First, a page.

We take a quick trip to Uganda, a country that very little is known about, probably some have never even known of its existence, so a brief introduction would be fair enough.
Uganda is a small, landlocked country in the Eastern Part of Africa. Also referred to as ‘The Pearl of Africa.’ If I can bring back into your memories, one of the world’s worst dictators known in the history of rulers, Dr. Iddi Amin Dada ‘Butcher of Uganda’, is a former President of this Country. It’s a country popular for her exquisite natural recipes. Her staple food is Plantain, a type of cooked banana, otherwise also referred to as ‘Matoke’. So, referring to Uganda as ‘Matoke land’ is absolutely acceptable. Furthermore, Uganda is well known for its rich cultural and spiritual enactment.
Well, enough about that, back to our trip. Our trip is headed to Masaka town, located in Masaka District and about 80 miles from Kampala, the capital city. This should take us 1 hour and 30 minutes but due to the states of the roads, the reality will be twice that time.
This seems to be quite a long journey, but the beauty of what nature displays outside the car window is so soothing both to the eyes, the soul and the mind that makes you crave for more of these sights. The natural vegetation complimenting the landscape, with constant, random interruptions by the banana plantations is just breath-taking. The breath of fresh air can literally be felt. The wildlife here by no doubt possess the bragging rights of peace with little human invasion.
Masaka town, with its dusty streets, is one of those village towns that are slowly transforming into an urban center. It is more peaceful compared to the sprawling chaos of Kampala. The Central market is filled with ramshackle wooden stalls capped with corrugated sheet metal roofs. Getting deeper into the market we realize an entire sector dedicated to ritualistic needs. The strong aroma of cedar fills the air, of course, it’s easy to tell where it’s coming from. A quick stare and we see a pile of bark cloth stacked from the floor-to-ceiling. Other stacked variety treated with dye lays a few inches away. This basically was the purpose of the trip.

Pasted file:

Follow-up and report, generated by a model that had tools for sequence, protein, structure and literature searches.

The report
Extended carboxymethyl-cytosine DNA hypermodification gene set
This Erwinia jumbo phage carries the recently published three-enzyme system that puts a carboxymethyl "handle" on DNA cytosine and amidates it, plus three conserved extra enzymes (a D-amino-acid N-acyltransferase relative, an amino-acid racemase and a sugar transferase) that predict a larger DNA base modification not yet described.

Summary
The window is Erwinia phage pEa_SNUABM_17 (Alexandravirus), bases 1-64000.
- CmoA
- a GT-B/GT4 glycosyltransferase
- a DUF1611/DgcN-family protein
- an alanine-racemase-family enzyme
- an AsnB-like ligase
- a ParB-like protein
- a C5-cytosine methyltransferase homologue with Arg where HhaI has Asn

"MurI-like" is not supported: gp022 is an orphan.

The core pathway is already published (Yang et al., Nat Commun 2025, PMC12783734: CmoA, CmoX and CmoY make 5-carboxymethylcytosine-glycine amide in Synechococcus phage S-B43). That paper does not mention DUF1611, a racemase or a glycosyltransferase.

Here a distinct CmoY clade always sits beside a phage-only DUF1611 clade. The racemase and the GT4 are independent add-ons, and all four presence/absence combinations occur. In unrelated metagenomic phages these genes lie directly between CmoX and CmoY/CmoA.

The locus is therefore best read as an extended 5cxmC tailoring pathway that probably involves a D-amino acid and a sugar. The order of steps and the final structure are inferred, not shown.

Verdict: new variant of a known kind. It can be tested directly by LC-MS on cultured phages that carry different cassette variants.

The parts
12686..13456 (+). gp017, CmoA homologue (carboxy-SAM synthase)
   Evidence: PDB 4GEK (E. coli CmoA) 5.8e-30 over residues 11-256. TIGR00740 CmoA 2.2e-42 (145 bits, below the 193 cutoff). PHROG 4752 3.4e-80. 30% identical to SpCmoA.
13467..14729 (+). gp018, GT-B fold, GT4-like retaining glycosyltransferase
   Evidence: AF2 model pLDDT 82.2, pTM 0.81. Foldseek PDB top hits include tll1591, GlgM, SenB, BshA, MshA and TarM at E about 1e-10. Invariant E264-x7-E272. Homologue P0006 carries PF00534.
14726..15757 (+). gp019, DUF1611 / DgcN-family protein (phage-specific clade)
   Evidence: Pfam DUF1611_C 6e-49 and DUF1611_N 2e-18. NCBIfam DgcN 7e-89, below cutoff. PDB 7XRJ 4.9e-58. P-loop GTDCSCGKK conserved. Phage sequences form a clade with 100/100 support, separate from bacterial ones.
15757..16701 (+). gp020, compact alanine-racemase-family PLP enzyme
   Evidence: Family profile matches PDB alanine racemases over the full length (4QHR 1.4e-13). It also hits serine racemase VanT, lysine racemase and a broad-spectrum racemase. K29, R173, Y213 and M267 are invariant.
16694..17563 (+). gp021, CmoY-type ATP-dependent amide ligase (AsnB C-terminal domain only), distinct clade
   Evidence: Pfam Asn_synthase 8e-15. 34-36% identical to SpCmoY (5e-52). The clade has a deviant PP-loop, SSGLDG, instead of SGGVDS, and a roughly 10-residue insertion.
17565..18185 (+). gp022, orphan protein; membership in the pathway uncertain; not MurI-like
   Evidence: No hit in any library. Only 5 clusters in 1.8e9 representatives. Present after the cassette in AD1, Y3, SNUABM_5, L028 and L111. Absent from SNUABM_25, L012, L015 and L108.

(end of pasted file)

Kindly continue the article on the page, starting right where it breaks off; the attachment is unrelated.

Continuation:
We decide to walk to one of what looks like the best display of the barkcloth and after a few minutes of conversation with the seller, he agrees to sell to us 20 rolls of bark cloth. Even though this offer seems good to the seller, the knowledge of us not being Ugandans back in his mind wouldn’t hide the curiosity drawn on his face. He opens up and gives us a brief history of the barkcloth.
Since ancient times the Baganda, the largest tribe in Uganda, has been making a venerated fabric by pounding the inner bark of the Mutuba tree (Ficus Natalensis). This transforms into a stunning cognac-brown material held in such high spiritual regard that seven sheets of it are wrapped around a deceased Baganda’s body before burial. They believe that these sheets transport the deceased into the land of the ancestor. The barkcloth is worn by Baganda witches and spiritual mediums, considering it as a magnet of ghosts. Its association with life after death has a long time been regarded as a taboo for anyone to put on the barkcloth. Hitherto, there’s still a little association with the spiritual world but this keeps on eroding day by day. People are becoming more open-minded and different people around the world are assessing its future in the fashion world, especially in the wake of sustainability.
Our trip ends by bidding goodbye to our seller as we drive back towards Kampala. The trip back seems a little bit shorter this time around with nature’s display almost becoming invisible this time around as my mind is pre-occupied with a thousand thoughts revolving around the barkcloth and its sustainability. Isn’t it so amazing to realize that trees can dress us! The tree is given time to recover by being given the right conditions for bark regeneration. An environmentally friendly way of dressing.
By: Kelvin Jimmy Awori